It is people's participation that guarantees peace, democracy, and human rights
14 March 2022
By Roy Trivedy, United Nations Resident Coordinator in Timor-Leste
While Timor-Leste is approaching its Presidential Elections on March the 19th, I recollect a very powerful line from Nelson Mandela's book 'The Struggle is My Life' published in 1990. One of the greatest torchbearers of peace, democracy and human rights, Mandela notes in his memoir, "… I have become more convinced than ever that the real makers of history are the ordinary men and women of our country; their participation in every decision about the future is the only guarantee of true democracy and freedom."
As one of Mandela's humble followers, my message a week ahead of the elections in Timor-Leste is to participate, participate, and participate! It is your right! Voting is a powerful tool as Timor-Leste knows very well when in 1999 an overwhelming majority of the population chose independence, exercising their right to self-determination. Voting is the expression of the voice and the wishes of the people about the future of their country.
I want to emphasise that everyone's equal involvement in decision-making processes - women, men, youth, people with disabilities, and other vulnerable groups, including LGBTIQ persons and the elderly - is fundamental to effective democracy, good governance and fair society that respects everyone’s human rights without discrimination. The country has made exemplary strides over the last two decades to uphold democracy. Public participation in electoral processes is key to advancing and preserving these gains.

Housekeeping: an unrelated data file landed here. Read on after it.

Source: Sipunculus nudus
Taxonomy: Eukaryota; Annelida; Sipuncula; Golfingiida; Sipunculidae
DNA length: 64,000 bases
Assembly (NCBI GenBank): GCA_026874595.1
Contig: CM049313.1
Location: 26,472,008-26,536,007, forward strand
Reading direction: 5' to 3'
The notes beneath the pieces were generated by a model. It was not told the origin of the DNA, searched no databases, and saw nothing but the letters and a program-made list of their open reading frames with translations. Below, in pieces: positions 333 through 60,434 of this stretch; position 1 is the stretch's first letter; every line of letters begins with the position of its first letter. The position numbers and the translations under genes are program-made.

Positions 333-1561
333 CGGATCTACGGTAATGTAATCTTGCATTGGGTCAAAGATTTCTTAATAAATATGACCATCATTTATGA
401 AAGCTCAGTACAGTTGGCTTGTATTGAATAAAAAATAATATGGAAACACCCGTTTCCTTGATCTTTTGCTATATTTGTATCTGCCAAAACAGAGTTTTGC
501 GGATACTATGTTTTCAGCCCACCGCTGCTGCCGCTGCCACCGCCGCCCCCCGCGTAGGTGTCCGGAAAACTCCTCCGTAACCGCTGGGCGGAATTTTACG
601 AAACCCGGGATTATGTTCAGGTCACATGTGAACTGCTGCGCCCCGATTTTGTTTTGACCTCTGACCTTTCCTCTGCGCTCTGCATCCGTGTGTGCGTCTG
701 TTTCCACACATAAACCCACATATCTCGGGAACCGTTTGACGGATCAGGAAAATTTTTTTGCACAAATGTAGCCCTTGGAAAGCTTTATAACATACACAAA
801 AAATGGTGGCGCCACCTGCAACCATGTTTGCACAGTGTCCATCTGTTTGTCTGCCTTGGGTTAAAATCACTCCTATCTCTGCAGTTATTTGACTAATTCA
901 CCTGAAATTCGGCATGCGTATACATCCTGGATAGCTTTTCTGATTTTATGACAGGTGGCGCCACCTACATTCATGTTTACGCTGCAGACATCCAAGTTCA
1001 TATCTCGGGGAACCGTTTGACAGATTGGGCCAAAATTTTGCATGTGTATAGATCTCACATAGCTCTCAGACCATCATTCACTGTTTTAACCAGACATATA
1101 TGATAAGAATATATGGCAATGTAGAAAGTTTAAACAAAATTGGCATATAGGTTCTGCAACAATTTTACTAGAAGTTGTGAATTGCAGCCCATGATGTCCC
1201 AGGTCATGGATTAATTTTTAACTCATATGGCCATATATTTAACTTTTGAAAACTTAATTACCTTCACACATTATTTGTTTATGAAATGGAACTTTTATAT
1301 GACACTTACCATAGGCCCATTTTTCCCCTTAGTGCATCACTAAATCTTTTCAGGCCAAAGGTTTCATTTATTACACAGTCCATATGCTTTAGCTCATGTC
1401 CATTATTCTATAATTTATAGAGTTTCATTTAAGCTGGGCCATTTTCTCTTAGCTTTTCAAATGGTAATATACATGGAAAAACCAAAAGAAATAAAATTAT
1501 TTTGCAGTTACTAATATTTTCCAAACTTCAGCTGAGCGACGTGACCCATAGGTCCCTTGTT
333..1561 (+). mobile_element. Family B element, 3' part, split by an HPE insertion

Out of a total of 859,613 registered voters (including 75,000 newly registered) in a country of 1.28m people, more than 200,000 young voters will be heading to the ballots for the first time this year. To ensure the engagement of the youths in the election, it is essential that young people are adequately represented in political institutions, processes, and decision-making.
I also want to draw attention to the needs of elderly voters, people living with disabilities, those living with long-term illnesses and their care providers, including those receiving care at hospitals, as well as those living in difficult to reach places and those in prison facilities. The election authorities have arranged 300 additional voting stations to make it easier for all voters to exercise their rights to vote.
I urge each and every eligible Timorese to partake in the elections and vote for your candidate of choice. In exercising your right to vote, it is equally important that you also respect the rights of others. Peaceful, free and genuine elections are vital for democracy.